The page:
Classic song writing is at the heart of everything Royel Otis do. Maddell’s roots are in the greats of the 1960s, with the sleek orchestration of Roy Orbison and Lee Hazlewood seeping into his own song writing. “The chords that they used rarely get used now, and those amazing progressions,” he swoons. “There’s 12 chords in one song! I love that stuff.” Meanwhile, Pavlovic has long been obsessed with Jonathan Richman and the deceptively simple storytelling style of The Modern Lovers. “Originally, that’s what I thought we could sound like, that playful style – and just singing about fun stuff, kind of like he’s still a kid,” he explains. “But I’m inspired by hip hop artists, too. There’s so many different sounds in there.”

What is clear is that Royel Otis Bar n Grill is the sound of a band having fun. Simultaneously tight and loose, it’s scrappy one second and seamless the next. Their comfort with constantly switching things up is all down to the pair’s tight-knit nature. “We like being a duo because there’s less people to blame if something doesn’t go right,” smiles Maddell. “From the start I didn’t want things to sound too sweet,” explains Pavlovic. “I wanted it to sound raw.”

Coming along for the ride on the new EP is engineer Chris Collins (Skeggs, Middle Kids). “He’s the most amazing guy to work with,” says Maddell, and not just because he was whipping them up fresh pasta meals and perfect Jamie Oliver omelettes during their recording sessions. A completely collaborative song writing process, with Maddell throwing in a chorus here and Pavlovic chucking together a verse there, together they powered through the five songs on this exceptional EP over the course of three weeks, crafting the exuberant, youthful likes of lead single, ‘Oysters In My Pocket’, possibly the first ever pop song about bivalves. “Chris was constantly bringing up the idea of oysters when we were in the studio, but we never ended up getting them,” remembers Pavlovic. Instead, they became a chugging, garage-pop anthem.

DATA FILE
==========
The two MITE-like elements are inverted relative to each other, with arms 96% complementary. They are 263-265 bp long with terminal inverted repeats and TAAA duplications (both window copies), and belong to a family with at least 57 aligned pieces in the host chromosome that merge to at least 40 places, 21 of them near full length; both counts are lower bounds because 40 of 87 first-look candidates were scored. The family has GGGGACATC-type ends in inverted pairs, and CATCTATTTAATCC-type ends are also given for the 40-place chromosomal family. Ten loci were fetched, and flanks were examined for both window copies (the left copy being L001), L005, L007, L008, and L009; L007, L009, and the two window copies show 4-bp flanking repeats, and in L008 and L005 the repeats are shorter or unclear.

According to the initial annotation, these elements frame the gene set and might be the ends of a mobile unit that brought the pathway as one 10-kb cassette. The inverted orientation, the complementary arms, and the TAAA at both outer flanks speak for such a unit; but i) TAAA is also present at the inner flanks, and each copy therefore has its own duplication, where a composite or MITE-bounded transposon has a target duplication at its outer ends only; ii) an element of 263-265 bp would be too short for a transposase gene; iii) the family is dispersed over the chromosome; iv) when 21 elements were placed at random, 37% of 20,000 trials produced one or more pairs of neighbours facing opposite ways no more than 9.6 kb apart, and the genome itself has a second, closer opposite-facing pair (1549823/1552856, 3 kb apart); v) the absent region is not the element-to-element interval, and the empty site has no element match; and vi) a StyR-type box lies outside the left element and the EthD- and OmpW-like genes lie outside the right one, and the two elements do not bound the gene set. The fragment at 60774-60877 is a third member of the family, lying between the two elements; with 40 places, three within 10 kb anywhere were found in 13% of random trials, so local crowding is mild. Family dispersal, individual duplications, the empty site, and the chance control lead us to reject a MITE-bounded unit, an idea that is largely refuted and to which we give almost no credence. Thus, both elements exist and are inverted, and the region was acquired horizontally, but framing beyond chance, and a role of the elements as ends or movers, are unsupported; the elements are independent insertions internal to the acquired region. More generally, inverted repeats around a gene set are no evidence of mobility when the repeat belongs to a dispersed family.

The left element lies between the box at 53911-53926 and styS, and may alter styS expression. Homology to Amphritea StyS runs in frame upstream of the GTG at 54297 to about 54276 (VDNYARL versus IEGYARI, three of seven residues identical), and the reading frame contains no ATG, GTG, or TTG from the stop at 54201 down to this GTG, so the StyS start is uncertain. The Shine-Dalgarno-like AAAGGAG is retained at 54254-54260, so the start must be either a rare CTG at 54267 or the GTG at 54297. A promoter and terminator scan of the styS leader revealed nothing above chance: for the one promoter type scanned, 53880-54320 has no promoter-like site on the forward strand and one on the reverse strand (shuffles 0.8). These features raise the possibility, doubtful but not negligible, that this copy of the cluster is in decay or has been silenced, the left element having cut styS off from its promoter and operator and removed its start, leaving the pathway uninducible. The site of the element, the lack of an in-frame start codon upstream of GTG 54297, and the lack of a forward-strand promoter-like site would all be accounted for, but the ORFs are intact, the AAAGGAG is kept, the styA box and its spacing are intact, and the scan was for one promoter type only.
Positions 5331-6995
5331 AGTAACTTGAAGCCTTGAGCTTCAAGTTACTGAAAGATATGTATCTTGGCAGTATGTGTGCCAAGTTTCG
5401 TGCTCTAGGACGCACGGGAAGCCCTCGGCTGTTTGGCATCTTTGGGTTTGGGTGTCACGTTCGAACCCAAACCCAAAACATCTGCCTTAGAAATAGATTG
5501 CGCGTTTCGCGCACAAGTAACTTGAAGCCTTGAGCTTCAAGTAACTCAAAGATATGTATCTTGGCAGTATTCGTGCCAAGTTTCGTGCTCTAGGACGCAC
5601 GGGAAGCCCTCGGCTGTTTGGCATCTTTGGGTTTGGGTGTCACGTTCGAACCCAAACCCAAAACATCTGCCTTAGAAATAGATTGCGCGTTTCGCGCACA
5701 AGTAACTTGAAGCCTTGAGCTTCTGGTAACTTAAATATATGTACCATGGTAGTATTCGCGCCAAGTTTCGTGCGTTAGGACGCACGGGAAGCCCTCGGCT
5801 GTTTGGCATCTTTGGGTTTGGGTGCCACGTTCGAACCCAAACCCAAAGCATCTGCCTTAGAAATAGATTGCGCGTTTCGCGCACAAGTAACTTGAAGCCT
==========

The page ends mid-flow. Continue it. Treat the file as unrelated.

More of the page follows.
The upbeat ‘Bull Breed’ was gentle and romantic to start, until Pavlovic threw some wild, woozy guitar over the top. “It’s about young hooligans thinking they’re top dogs in the pub, when they’re just embarrassing,” explains Maddell. “I’ve seen it happen in the pub I work in, but we’ve also been those guys too.” The elegant ‘Motels’ meanwhile is about a young gigolo. Maddell looks sheepish. “It’s semi-autobiographical,” he admits of the song, which was initially written with the idea that Yungblud would sing it. “I wanted to do something punky but laddy,” Maddell explains. “But we ended up coming up with something that’s got more of a Steve Lacy vibe with an R&B chorus.”

The lush and laidback ‘Egg Beater’ sees Royel Otis flexing their ballad muscles even further, a heartfelt anthem which shows they can still be decadent and dreamy when they want to. “All our songs usually all start out as love songs, but then we try to fuck them up a bit,” says Maddell of their process. Royel Otis at their prettiest, ‘Egg Beater’’s surreal title is their attempt to distract everyone from the fact that they’re really just a pair of old school romantics, while ‘Warm Nights’ takes them in another direction yet again. Woozy, sleazy and bass driven, with angelic vocals soaring over the top, it’s an atmospheric tribute to being out too late in the city. “It’s about coming down as the sun’s coming up,” offers Maddell.

Royel Otis are here to soundtrack your highs, lows and everything in-between.